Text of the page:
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Theme Park News: Jungle Cruise reopens as mask requirements return

By Carlye Wisel
Disney Jungle Cruise

Hello, and welcome to Theme Park News. There's a lot happening this week — some of it good, some of it COVID-related, so let's get right to it. 


The Adventureland mainstay is making headlines, but not because of The Rock. Unlike Disney’s standard IP-to-ride pipeline, Jungle Cruise’s new retheming is separate from the eponymous Dwayne Johnson and Emily Blunt-helmed film out next week — and much more significant.

Disneyland debuted new changes to the theme park ride last week as part of Disney's larger moves to update its parks to be more inclusive, removing outdated cultural references within the ride that were a growing point of both discomfort and contention among park-goers. The L.A. Times’ Todd Martens, a  veritable “skipper” on the rivers of understanding and growth, tackled the issue in detail, highlighting Disney’s moves to embrace other cultures and discussing the ways in which Disneyland itself is reflective of American society. 

There is, as always, a contingency of theme park fans who are against these inclusivity-focused changes, selfishly favoring easy jokes over empathy for and comfort of fellow guests and Martens’ piece touches on all of it, including how Disney recognizes the general difficulty in amending anything within the park, as every detail of it is claimed within someone’s memory.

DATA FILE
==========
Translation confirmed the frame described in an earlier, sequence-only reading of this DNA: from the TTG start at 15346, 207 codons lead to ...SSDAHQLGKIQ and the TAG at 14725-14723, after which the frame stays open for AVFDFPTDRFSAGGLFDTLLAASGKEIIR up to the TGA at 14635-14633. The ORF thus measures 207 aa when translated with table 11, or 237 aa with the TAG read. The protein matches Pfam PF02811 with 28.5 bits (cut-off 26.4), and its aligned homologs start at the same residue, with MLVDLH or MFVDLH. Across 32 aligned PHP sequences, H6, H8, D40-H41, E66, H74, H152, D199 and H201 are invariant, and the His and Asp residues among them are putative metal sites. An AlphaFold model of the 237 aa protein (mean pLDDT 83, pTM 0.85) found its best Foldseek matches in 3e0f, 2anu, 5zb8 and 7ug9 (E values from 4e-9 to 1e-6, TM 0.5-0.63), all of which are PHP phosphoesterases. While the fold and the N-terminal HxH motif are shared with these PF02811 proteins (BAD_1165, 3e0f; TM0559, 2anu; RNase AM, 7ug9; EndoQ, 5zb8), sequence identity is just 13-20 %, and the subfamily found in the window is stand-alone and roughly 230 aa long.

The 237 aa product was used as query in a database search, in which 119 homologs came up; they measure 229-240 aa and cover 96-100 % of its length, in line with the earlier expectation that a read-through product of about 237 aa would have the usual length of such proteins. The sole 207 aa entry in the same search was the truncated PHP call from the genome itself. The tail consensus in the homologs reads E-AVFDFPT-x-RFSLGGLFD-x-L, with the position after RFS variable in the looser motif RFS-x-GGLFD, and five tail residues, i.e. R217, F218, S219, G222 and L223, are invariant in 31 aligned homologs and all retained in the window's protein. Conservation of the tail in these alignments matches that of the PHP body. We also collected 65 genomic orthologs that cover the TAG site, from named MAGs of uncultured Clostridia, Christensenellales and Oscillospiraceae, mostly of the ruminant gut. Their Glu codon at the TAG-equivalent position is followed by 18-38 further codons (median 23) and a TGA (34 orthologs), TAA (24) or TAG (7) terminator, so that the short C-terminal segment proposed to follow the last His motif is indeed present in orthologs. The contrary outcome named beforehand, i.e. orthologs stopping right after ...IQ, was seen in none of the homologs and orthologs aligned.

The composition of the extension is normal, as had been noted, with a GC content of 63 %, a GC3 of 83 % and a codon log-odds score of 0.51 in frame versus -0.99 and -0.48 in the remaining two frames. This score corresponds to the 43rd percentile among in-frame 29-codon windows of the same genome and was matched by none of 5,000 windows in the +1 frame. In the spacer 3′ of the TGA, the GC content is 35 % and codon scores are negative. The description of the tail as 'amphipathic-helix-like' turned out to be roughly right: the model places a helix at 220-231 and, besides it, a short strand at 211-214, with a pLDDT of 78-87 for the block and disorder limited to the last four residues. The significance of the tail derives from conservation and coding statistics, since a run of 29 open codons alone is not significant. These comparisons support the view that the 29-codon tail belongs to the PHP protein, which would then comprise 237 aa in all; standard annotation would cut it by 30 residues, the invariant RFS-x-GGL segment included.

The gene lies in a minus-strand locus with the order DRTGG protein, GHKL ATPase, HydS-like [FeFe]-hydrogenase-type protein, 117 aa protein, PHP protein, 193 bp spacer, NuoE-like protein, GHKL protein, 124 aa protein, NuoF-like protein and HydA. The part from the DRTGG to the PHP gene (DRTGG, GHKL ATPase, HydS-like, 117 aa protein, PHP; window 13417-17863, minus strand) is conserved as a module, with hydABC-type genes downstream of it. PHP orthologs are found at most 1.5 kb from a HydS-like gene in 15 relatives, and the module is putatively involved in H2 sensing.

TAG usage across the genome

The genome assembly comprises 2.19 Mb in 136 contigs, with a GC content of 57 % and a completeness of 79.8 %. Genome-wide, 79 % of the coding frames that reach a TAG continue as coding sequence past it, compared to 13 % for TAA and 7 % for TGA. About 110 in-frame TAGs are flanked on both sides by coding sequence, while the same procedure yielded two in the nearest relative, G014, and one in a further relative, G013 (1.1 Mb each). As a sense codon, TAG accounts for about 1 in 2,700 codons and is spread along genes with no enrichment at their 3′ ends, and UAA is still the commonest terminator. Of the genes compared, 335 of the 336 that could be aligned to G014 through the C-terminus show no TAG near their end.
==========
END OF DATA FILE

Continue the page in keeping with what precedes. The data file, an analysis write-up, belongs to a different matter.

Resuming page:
Jungle Cruise: What to Know About Disney's Latest Ride-to-Screen Movie Ahead of Its Swashbuckling Debut

Keep in mind, theme park fans, that it’s not even the first time Jungle Cruise has been reimagined. The opening day attraction at Disneyland Park was created to honor Walt’s interest in nature itself, but Imagineer Marc Davis was later brought in to infuse some comedy, updating the scenes and “spiel” to allow for the tongue-in-cheek humor it’s known for today. (Martens’ piece also rather horrifyingly sheds light on the fact that women weren’t allowed to be "Skippers" aboard the attraction until 1995, a big bowl of yikes that further emphasizes the need for Disney’s increased emphasis on these kinds of initiatives.)

Still, when it comes to the newly updated version of Jungle Cruise, you won’t find any complaints here. These parks are always evolving, and the importance of having them be reflective of the society we live in is paramount, but the ride also appears to benefit from more of a central storyline. Gone are “tribal headhunters, shrunken head salesman and negative depictions of native people”, according to the OC Register, as scenes replaced by monkeys clawing through crates and chimpanzees overtaking a shipwrecked vessel appear alongside new (and diverse) characters that tie the ride's scenes together.

Even the final moment, which previously saw a depiction of the character Trader Sam selling shrunken heads, has been retooled as a thematic gift shop repurposing items from Jungle Cruise’s lost and found. 

Disney Jungle Cruise

These changes extend to Disney’s Jungle Cruise-inspired Tiki Bar locations as well. Laughing Place reported that The Family Tree, a collection of shrunken heads referencing the former finale of the attraction, was absent from Trader Sam’s Grog Grotto at Walt Disney World when it reopened yesterday. (Ride changes on Magic Kingdom's Jungle Cruise will be completed later this summer.)